Worldwide Pension Funding Status Rises in Q2

August 18, 2004 ( - The funded status of benchmark pension plans improved in most major markets in the second quarter.

In the United States, the funded status of the benchmarks was up 2.52% in the second quarter, and has now improved 0.35% in 2004.   The largest increases in funded status were notched in Canada, where the funded ratio rose 6.13% in the second quarter and have now improved 6.84% year-to-date.   Also higher was Japan (5.5% in the second quarter, 6.58% year-to-date), Euro-zone countries (5.07%, 5.13%), UK (3.09%, 2.96%) and Australia (2.87%, 4.27%), according to a Towers Perrin analysis of defined benefit pension plans in selected countries.

In Towers Perrin Global Capital Market Update: Second Quarter 2004 Results, the consultancy attributes the increase in plan funding levels to the global upturn in interest rates as the US Federal Reserve began tightening monetary policy on the evidence of stronger labor markets.   In turn, the rise in bond yields translates into higher benchmark discount rates, which produced lower calculations for plan liabilities.

Working against a rise in funded status however were lackluster investment returns across major asset classes as higher corporate earnings were offset by continuing inflationary concerns, higher energy prices and ongoing instability in the Middle East , the analysis found.

Country Analysis

Looking closer at some of the major markets, Towers said higher discount rates in the US more than offset the slightly negative investment returns to produce an overall improvement in funded status of around 2.52%, to 65% for the quarter.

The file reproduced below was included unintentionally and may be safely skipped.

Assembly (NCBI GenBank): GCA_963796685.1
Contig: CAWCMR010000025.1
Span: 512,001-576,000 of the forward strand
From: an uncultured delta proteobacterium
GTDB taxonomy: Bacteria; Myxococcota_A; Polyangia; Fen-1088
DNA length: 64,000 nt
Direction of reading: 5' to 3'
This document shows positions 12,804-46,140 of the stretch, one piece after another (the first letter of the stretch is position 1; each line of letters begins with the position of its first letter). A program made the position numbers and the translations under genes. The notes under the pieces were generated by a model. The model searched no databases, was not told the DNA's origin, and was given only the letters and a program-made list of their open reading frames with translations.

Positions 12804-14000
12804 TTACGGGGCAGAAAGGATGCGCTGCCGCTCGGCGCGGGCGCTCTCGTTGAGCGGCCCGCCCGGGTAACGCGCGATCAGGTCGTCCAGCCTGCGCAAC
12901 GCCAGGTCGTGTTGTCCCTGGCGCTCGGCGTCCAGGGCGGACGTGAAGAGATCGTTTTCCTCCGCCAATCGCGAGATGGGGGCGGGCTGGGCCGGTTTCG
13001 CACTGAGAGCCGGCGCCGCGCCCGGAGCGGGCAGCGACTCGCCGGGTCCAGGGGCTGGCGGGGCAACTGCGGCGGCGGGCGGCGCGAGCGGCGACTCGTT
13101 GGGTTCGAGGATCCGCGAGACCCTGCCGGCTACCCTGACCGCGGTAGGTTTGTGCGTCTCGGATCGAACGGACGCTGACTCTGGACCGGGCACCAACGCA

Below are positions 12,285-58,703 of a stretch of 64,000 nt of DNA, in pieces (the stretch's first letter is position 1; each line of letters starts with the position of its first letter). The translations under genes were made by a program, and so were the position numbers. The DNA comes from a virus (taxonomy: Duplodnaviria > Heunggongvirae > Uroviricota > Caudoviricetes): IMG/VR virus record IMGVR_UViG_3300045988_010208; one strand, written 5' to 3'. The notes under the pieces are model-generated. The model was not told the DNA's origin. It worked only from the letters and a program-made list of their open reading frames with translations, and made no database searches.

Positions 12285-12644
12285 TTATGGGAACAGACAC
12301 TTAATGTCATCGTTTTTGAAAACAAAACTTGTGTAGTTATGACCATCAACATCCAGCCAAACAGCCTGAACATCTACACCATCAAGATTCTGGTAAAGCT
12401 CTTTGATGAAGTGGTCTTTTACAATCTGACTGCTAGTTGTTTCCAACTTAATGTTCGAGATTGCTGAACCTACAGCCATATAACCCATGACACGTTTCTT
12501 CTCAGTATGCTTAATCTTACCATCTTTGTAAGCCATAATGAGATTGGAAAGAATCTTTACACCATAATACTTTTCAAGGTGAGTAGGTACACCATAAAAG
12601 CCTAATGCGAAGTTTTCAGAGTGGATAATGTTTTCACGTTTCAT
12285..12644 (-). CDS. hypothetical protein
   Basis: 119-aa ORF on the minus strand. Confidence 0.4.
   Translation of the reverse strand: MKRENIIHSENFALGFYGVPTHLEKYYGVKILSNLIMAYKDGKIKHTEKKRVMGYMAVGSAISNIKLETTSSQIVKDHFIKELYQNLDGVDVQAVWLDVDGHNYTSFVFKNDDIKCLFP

In Canada, the benchmark discount rate was raised sharply at the end of the quarter in response to rising bond yields across all maturities.  This was the primary driver behind the improvement in the funded status of the benchmark plan by 6.13%, to 81% in the quarter, as the Canadian equity market was generally flat in the quarter despite positive performance in the information technology and energy sectors.

Across the pond, a strong economic recovery in the UK led by consumer spending and a housing boom led the Bank of England to raise rates four times in the last eight months, with consecutive basis-point rises in May and June.  As bond yields continue to rise, the benchmark discount rate was raised to 5.73% at the end of the quarter, improving the liability status of the benchmark plan.   Fixed-income returns were negative, with rising bond yields, and the overall funded status of the benchmark plan improved by 3.09%, to 60% for the quarter.